The Associated Press
A proposed agreement between state power regulators and the agency that buys electricity for millions of Californians would allow the state to raise electric rates with no outside review, consumer advocates criticized Wednesday.
The state Public Utilities Commission issued the agreement, which explains how it will work with the state Department of Water Resources to ensure the state is repaid for the billions it has spent buying electricity for the customers of three financially ailing utilities.
In the agreement, the PUC pledges to assess electric rates at least on an annual basis and adjust them so enough money is coming in to pay for the DWR’s power buys and administrative costs.
But if the state finds that a rate hike is necessary to pay its bills, the PUC has waived the right to review its decision and deny it if it is deemed unfair to California ratepayers, said Harvey Rosenfield, president of the Foundation for Taxpayer and Consumer Rights.
“This gives an unelected unaccountable state agency … the unilateral right to order rate increases for the next 15 years,” Rosenfield said. “Every mistake they could possibly make will also be passed along to ratepayers.”
Geoff Dryvynsyde, a legal adviser to PUC President Loretta Lynch, said it’s true the PUC would be “no longer in charge of determining what costs are reasonable before it changes rates.” Dryvynsyde said that was the intent of the state legislators when they passed the legislation earlier this year that prompted the arrangement.
It was not immediately clear from the document whether the PUC would need to raise electric rates soon to cover those costs. Loretta Lynch, PUC president, said last week that the PUC likely won’t have to hike rates – because a recent rate hike is providing enough money.
“The document would have a lot more importance if it was released with the numbers that it will work with in reality,” said Mindy Spatt, a spokeswoman with The Utility Reform Network, a consumer advocacy group.
The DWR plans to release a statement on its financial needs on Friday, said DWR spokesman Oscar Hidalgo.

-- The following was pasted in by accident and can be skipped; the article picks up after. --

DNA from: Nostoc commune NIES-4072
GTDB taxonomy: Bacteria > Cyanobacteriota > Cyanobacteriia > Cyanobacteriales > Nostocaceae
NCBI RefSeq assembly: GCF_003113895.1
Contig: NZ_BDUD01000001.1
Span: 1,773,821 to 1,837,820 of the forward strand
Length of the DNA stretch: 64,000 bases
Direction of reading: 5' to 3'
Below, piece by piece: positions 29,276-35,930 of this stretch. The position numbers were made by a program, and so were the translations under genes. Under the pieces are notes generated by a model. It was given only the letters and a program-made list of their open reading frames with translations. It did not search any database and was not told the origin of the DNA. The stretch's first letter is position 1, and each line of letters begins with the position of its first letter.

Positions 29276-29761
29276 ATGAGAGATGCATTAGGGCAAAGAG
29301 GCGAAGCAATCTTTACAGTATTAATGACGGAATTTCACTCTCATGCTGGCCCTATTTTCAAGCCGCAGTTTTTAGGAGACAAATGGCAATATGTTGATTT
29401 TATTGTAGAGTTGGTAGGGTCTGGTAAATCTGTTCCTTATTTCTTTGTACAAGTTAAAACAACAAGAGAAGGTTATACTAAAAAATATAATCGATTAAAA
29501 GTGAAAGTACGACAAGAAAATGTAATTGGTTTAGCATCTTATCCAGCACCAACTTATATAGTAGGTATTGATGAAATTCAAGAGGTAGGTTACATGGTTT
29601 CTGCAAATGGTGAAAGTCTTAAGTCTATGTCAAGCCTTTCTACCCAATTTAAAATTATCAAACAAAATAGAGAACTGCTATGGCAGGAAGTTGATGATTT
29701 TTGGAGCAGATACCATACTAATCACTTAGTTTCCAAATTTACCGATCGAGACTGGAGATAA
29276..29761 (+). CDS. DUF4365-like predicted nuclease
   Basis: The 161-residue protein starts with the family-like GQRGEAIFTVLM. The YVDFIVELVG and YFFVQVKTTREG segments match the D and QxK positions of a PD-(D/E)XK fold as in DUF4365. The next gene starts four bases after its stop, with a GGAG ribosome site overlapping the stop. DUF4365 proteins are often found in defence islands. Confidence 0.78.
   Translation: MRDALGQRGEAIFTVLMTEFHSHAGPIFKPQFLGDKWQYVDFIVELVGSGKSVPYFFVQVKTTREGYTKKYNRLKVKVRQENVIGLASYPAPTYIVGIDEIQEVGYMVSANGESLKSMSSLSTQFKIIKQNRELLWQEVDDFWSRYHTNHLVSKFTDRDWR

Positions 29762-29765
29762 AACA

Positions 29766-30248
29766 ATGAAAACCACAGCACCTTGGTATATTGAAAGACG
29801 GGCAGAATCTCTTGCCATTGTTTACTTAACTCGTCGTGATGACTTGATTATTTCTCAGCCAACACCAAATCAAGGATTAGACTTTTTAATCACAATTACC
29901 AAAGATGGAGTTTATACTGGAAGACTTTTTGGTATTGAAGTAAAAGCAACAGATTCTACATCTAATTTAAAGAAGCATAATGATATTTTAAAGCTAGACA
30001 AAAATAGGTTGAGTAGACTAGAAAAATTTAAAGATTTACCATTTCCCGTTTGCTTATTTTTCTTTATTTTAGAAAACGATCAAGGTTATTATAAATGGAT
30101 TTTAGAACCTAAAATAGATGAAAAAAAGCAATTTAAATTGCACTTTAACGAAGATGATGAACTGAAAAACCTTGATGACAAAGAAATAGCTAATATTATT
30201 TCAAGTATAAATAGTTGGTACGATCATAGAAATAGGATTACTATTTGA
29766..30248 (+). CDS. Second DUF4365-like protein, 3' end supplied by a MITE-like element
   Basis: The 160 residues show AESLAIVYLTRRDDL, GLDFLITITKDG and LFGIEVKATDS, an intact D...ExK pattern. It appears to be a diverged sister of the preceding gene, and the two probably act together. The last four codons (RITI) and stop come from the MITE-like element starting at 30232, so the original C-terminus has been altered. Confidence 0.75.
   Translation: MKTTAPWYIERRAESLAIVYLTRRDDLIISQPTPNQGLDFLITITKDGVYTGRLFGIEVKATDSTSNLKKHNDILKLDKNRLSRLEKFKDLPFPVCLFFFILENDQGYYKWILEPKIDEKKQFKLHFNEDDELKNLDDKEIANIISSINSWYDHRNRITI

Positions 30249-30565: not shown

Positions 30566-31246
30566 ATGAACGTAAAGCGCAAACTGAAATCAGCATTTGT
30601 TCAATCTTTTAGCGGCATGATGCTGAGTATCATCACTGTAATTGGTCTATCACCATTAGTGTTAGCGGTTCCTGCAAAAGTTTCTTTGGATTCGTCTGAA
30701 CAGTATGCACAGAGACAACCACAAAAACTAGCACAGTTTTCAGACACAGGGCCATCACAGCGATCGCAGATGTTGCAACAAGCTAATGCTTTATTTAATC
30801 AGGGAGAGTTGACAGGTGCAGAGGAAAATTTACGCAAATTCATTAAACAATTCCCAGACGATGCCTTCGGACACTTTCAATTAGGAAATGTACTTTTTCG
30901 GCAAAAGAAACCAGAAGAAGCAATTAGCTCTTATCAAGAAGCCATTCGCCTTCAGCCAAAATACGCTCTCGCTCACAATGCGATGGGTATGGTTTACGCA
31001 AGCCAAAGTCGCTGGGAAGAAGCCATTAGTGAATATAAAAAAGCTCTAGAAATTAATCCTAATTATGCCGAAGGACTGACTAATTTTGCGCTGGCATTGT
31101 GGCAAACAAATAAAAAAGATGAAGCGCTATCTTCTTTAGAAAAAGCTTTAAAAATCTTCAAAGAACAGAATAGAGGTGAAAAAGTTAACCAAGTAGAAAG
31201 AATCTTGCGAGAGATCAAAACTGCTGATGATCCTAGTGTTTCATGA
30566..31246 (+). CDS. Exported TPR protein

“The revenue requirement now will tell the PUC what we need as a department to cover department costs for everything that we’re doing, from administration to purchasing power,” Hidalgo said. “That’s where the meat’s going to be.”
The PUC agreement is a vital step toward the state’s efforts to issue some $ 13 billion in bonds to recoup the more than $8 billion it has spent since January buying electricity. The state intends to spend $43 billion on electricity over the next 20 years.
The state wants to improve its credit rating to lower interest rates on the bonds, which will be paid off by ratepayers over 15 years. The state hopes to assure Wall Street that there is a reliable stream of money rolling in from electric rates.
“The rate agreement basically defines the process by which the PUC and the department will act,” Hidalgo said.
The proposed relationship between the two state agencies troubles Commissioner Richard Bilas, a member of the PUC.
“I’m used to a system in which there are some checks and balances and I want to know what institution is going to provide checks and balances on DWR’s revenue requirement,” Bilas said.
“Traditionally the PUC has provided that oversight. If we are required to satisfy DWR’s revenue requirement then we no longer have that responsibility.”
Spatt said both the DWR and the PUC in the arrangement should strive to avoid further rate hikes.
“To finance what they need to finance without a rate increase should be the goal of everybody concerned and we think there are modifications that can be made to help move us toward that goal,” Spatt said.
Spatt said TURN hoped the PUC would trim the agreement so that consumer rates can be raised only to cover increasing costs of buying electricity, not the DWR’s administrative costs.
In May, the PUC issued a record rate increase that raises electric rates by roughly 38 percent for residential ratepayers who use the most power, and by varying amounts for farmers and businesses. That followed a roughly 10 percent rate hike in January.
The state has bought electricity for the customers of Pacific Gas and Electric Co., Southern California Edison Co. and San Diego Gas and Electric Co. since January, when the utilities warned the state that high power prices and the inability to recoup their costs through frozen electric rates were driving them into debt.
PG&E filed for federal bankruptcy protection April 6. Edison and SDG&E both have agreed to sell their transmission lines at above market value to the state for to make up for their losses, though the Legislature has not decided whether to approve the deals.
The PUC will take comments on the agreement until Aug. 1.